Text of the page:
Republicans win House; Democrats keep Senate

The Republican gains usher in era of divided government for the US; President Obama will have to deal with a more conservative Congress, which will include members of the anti-establishment tea party movement.

By ASSOCIATED PRESS
November 3, 2010 10:19
2 minute read.

US midterm election results map 311. (photo credit: Realclearpolitics.com)

WASHINGTON — Republicans rode a wave of voter discontent and conservative outrage to capture a House of Representatives majority from President Barack Obama's Democrats on Tuesday, rolling up historic gains and ending the Democrats' reign after just four years.

The Republican victory eclipsed their 54-seat pickup when they retook the House in 1994 for the first time in 40 years and the 56-seat Republican gain in 1946. Democrats had captured only 2 Republican seats.

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The Republican party — energized by the ultraconservative tea party movement and voter disillusionment with Obama, incumbents and high unemployment — captured 58 seats by early Wednesday from Democrats, easily exceeding the 40 needed to gain a majority.

Republicans piled up their biggest House gains since they added 80 seats in 1938, during the Depression.

A Republican takeover of the House will create a divided government, complicating Obama's agenda and possibly leading to attempts to repeal his sweeping health care reform legislation. Republicans have said they want to cut $100 billion in spending in a year and roll back Obama's overhauls of health care and financial regulations.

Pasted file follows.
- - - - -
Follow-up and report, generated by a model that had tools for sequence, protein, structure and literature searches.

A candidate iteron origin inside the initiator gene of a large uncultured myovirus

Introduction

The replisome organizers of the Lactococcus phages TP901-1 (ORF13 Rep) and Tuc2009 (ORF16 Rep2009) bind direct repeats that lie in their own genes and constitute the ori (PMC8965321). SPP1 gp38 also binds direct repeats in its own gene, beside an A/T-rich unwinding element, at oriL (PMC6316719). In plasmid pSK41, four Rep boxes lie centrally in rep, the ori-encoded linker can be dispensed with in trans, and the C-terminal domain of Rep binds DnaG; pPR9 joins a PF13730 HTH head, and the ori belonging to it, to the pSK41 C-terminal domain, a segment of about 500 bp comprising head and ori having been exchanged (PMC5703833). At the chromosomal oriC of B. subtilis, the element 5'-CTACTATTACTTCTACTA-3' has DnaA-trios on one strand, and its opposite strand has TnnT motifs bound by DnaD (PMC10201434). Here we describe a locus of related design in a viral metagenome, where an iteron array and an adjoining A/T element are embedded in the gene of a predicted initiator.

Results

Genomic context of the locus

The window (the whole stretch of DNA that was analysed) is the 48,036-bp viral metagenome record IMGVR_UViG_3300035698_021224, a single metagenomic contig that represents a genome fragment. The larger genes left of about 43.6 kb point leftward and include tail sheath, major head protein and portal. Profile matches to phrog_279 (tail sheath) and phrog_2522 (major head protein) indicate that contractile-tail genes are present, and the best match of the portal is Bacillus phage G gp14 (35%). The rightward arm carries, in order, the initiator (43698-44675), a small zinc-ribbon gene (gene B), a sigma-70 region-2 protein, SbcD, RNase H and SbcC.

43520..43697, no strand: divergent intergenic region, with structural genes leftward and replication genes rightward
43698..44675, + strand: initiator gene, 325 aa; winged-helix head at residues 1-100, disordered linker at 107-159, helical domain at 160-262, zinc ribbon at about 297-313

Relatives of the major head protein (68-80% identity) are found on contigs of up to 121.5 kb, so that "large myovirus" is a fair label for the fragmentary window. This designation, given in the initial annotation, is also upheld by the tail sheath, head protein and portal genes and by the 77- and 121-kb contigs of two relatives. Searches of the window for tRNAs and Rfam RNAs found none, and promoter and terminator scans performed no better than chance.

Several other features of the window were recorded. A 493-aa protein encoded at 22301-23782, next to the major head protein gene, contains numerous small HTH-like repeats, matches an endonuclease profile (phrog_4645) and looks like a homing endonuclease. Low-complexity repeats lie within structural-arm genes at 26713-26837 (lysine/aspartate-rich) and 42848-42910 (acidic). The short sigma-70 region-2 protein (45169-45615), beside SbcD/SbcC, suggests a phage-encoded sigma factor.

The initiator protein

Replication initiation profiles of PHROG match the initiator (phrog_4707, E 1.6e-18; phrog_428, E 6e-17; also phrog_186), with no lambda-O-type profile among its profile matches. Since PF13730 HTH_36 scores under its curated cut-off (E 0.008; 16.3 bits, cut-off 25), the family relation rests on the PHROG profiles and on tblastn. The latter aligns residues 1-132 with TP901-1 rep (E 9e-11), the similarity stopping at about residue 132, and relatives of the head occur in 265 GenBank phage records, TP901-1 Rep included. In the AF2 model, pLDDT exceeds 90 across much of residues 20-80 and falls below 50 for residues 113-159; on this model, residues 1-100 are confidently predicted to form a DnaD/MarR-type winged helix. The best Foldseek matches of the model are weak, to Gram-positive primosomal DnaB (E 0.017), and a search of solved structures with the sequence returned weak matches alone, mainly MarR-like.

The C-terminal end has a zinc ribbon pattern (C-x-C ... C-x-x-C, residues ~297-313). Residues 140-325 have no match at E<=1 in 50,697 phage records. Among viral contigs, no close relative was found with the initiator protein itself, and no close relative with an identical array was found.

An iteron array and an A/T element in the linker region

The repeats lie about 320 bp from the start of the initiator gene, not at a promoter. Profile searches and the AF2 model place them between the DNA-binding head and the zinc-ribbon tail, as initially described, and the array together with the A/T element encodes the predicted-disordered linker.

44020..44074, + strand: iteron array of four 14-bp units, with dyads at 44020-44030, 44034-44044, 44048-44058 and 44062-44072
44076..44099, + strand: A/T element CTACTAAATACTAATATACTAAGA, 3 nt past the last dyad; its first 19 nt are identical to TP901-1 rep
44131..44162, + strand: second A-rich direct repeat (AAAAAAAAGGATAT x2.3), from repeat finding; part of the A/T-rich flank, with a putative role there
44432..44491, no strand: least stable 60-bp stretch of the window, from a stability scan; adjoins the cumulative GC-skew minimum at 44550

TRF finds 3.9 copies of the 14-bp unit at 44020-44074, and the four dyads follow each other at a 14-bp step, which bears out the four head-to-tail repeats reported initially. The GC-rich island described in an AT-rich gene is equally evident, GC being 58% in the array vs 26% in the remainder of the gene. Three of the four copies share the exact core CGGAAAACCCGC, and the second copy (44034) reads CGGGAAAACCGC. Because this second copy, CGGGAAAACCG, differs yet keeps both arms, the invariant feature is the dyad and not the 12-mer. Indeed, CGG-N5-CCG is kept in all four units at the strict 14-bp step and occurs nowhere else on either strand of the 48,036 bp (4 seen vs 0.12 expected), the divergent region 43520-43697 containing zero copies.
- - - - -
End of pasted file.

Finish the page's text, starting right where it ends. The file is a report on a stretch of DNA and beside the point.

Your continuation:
Democrats had controlled the House by a 255-178 margin, with two vacancies. All 435 seats were contested.





The election was a remarkable turnabout from 2008, when Obama's victory helped propel Democrats to big gains in their House majority, following the 2006 wave that swept them to power there.

Democrats will lose the House after only four years, the shortest a party has held the lower chamber since Republicans kept it for just two years from 1953-1955.

The House has the power to raise revenue through taxes and control spending, to impeach officials and to elect the president in case of a deadlock. It can also hold hearings and investigations — a cudgel that could be used to stymie the Obama administration.

Republican Leader John Boehner was in line to claim the leadership position known as speaker and become second in line for the presidency after the vice president.House results as of Wednesday morning

Obama called Boehner to say he looked forward to working with him and the Republicans "to find common ground, move the country forward and get things done for the American people," the White House said.

Boehner told the president he wanted to collaborate on voters' top priorities, creating jobs and cutting spending. "That's what they expect," the 10-term Republican said.

House Democrats defended their legislative record and campaign strategy and said they would try to compromise with the Republicans.

"The outcome of the election does not diminish the work we have done for the American people," said House Speaker Nancy Pelosi of California, the first woman to wield the speaker's gavel. "We must all strive to find common ground to support the middle class, create jobs, reduce the deficit and move our nation forward."


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